Thursday, December 13, 2012

Pull Like A Pole Dancer

I haven't been to any strip clubs lately, and I don't watch any sort of risqué movies, but I have seen enough music videos to get an idea of how most dance these days. Regardless, all forms of dance have much to offer in terms of learning, assessing, and teaching movement. My most recent observation comes from the exotic dancing realm...

One of the trickier parts of the Olympic lifts is the first pull from the floor. Depending on the athlete, some may do fairly well from the hang position, but as soon as the bar goes to the floor, the pull becomes a mess. Sometimes it's failing to hold the back angle (in relation to the floor), sometimes the hips pop up too soon, for others the shoulders drop back behind the vertical line of the bar.

One cue that I have used with pretty decent success is to 'pull like a pole dancer'. This seems to help clean up the first pull by getting the athletes to hold their hips back (butt out, against an imaginary pole), while getting both the shoulders and hips to rise at the same rate. Sure the hips sliding up the pole my be exaggerated for some, but cues that get an athlete to exaggerate the movement usually make it easier to settle into a happy medium with what you are trying to accomplish.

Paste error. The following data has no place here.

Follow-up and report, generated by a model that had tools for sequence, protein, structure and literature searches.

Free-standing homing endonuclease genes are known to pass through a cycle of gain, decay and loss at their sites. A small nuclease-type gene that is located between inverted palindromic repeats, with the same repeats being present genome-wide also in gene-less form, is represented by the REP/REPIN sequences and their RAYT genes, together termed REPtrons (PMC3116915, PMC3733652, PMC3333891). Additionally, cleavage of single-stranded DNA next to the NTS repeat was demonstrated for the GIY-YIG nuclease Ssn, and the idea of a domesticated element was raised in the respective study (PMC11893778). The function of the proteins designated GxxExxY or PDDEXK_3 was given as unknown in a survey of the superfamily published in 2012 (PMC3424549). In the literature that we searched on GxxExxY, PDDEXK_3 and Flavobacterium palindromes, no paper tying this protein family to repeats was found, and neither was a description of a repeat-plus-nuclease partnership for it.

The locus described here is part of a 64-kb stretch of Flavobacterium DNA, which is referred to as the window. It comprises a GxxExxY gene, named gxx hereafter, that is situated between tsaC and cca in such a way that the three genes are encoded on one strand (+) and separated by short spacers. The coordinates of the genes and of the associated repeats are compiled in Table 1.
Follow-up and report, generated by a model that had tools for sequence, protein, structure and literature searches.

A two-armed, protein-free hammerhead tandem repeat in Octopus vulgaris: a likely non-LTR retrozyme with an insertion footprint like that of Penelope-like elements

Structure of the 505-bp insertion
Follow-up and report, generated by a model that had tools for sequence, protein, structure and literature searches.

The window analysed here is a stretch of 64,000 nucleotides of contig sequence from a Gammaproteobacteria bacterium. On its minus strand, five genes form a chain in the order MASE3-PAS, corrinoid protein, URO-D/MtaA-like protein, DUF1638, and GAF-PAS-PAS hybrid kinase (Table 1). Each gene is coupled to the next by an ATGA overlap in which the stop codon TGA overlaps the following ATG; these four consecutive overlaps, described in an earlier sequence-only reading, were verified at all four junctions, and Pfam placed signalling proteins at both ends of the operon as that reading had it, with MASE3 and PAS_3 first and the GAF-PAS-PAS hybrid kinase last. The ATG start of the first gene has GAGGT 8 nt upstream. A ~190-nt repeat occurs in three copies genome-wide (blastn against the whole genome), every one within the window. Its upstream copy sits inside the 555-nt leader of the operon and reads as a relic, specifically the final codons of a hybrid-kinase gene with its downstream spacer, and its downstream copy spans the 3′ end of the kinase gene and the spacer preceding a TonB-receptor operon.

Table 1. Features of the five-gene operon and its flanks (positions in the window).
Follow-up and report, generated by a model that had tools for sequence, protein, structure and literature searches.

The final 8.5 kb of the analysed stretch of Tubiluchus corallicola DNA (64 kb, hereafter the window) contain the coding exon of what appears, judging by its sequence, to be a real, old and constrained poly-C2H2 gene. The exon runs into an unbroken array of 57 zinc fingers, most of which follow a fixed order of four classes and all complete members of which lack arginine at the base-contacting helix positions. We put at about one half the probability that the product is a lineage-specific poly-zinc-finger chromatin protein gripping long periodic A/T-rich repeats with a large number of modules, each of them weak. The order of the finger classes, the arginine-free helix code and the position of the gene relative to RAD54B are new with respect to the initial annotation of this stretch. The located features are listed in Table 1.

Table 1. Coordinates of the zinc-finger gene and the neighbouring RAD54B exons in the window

As soon as the bar passes the height of the knee, I tell the athletes to put the bar on the thigh and go. We try to be smooth off the floor (pull before you pull) and progressively accelerate to the point where passing the knees is the trigger.
I am not totally sure why the pole dancing cue has been so effective, maybe because the guys and ladies are so good at exotic dancing these days (or more likely have just seen it so much everywhere)... and/or the fact that the cue would fall under an external attentional focus. Either way, it's worked well for me.